Jet-printed and dielectrophoretically aligned nanowires for large area electronics


Event Electronic Materials Conference 2010


Wong, William S.
Sambandan, Sanjiv
Lujan, Rene A.
Street, Robert A.
Technical Publications
June 25th 2010
The ability to integrate Si nanowires (Si NW) on plastic substrates may greatly enhance the performance of low cost flexible electronics. Si nanowire properties can be controlled during growth and leveraged to produce nanowires which are tailored for specific applications. Being able to then harvest these wires and distribute them across a large area substrate in a controlled manner opens up many opportunities for high performance large area and flexible electronics. In this talk we report on Si NW field effect transistors (FETs) fabricated using ink-jet printing as a means to distribute Si NW mats at specified locations across a donor substrate. The Si nanowires were first grown on a Si substrate. The growths were carried out in a chemical vapor deposition system using the vapor-liquid-solid growth process with either Au nanoparticles or an Au thin film to seed the growths. The nanowires were removed from the growth substrate and suspended in water. The nanowire suspension was then loaded into a commercially available ink jet printer and printed onto device substrates. As a means to control the position and orientation of the printed nanowires, an AC electric field was applied across predefined electrodes on the device substrate. This approach to assembling printed nanowires resulted in well-aligned nanowires along the channel region of the FET having channel lengths between 3 to 13 microns and channel widths of 2 to 8 microns. The printed nanowires were then processed into top-gate and bottom-gate transistors using conventional lithographic techniques. The p-type devices showed threshold voltages of around -5 volts, hole mobilities greater than 10 cm^2/V/s and on-off ratios greater than 10^5. We will also discuss several aspects of printing necessary for good device yields and the effect of varying AC electric fields on the printing and assembly process. Finally we will discuss how to make use of these techniques in a scalable way and demonstrate how they can be used to fabricate a TFT backplane that is sufficient to drive reflective display media.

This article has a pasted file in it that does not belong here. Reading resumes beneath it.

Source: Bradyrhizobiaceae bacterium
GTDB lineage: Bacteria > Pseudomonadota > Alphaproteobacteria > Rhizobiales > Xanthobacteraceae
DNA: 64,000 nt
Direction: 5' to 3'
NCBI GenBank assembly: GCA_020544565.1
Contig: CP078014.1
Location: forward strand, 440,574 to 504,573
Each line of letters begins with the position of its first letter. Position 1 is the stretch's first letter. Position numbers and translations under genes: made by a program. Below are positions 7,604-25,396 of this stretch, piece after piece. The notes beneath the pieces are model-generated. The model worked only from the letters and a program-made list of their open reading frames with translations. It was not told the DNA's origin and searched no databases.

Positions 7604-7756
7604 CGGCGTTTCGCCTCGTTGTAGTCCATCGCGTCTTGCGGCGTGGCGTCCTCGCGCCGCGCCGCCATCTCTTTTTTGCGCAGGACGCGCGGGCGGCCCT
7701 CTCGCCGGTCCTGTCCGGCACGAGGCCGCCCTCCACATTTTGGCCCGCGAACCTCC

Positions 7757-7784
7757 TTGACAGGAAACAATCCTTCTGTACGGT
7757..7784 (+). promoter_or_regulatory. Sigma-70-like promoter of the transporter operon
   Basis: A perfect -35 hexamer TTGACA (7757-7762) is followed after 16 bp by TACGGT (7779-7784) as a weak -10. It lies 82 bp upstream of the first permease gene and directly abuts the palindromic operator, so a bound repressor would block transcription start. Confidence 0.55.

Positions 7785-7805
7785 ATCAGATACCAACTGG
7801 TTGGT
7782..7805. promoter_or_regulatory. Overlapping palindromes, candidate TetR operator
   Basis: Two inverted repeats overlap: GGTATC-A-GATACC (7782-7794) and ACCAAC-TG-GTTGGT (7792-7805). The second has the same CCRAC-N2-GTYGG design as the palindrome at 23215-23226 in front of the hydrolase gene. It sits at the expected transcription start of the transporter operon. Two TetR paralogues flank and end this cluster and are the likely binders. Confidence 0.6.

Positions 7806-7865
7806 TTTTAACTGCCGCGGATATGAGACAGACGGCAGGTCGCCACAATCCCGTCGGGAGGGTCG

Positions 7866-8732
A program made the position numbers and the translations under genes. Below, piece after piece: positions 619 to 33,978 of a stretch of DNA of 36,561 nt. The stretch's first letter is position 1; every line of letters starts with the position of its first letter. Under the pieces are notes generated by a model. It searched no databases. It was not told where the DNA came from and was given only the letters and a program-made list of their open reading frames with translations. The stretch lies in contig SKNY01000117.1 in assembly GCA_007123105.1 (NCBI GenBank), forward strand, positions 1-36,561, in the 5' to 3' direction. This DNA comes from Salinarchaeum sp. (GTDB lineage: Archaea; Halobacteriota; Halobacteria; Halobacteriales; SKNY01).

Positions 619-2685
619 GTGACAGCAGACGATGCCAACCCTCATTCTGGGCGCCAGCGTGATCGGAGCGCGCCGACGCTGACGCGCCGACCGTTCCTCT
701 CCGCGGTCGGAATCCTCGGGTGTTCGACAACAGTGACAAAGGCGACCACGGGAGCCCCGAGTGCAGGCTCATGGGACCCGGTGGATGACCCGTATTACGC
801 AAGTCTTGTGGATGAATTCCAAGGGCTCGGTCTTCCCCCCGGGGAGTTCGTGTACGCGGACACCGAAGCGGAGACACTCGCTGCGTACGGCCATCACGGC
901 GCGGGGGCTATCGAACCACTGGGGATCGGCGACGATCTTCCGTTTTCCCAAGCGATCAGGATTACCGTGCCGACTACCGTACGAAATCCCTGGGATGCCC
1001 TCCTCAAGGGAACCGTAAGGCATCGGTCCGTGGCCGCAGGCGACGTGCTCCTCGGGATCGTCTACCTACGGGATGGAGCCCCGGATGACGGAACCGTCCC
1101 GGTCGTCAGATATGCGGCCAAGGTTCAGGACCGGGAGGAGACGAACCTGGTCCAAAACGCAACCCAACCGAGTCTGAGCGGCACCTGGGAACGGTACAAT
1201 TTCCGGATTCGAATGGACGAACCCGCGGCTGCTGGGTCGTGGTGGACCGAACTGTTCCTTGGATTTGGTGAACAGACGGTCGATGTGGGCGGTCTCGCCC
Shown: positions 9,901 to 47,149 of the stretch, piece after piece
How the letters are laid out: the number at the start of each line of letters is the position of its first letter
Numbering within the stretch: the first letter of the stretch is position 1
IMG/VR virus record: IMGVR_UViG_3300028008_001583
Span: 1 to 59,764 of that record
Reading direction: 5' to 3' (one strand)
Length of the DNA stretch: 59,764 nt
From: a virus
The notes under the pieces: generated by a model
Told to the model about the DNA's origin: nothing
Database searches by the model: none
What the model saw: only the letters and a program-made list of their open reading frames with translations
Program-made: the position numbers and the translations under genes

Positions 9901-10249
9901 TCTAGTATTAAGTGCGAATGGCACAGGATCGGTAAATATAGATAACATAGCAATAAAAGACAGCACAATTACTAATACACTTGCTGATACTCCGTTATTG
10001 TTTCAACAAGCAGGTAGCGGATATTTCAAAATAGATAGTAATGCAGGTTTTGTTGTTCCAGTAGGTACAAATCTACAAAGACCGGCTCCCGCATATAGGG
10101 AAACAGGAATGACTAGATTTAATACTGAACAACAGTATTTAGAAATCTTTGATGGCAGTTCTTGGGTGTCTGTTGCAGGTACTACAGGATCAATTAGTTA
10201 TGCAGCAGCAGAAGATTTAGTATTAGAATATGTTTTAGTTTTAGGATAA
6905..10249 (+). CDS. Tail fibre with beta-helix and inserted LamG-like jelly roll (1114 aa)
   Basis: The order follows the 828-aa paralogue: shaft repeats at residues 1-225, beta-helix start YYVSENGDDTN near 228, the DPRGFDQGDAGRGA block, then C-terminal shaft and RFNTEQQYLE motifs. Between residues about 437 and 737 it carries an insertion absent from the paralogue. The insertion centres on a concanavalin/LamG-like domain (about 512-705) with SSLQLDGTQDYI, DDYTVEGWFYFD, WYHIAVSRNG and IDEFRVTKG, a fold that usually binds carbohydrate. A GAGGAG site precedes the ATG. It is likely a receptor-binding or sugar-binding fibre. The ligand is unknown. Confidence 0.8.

Raychaudhuri, S.; Wong, W. S.; Sambandan, S.; Lujan, R. A.; Street, R. A. Jet-printed and dielectrophoretically aligned nanowires for large area electronics. Electronic Materials Conference; 2010 June 23-25; Notre Dame, IN.

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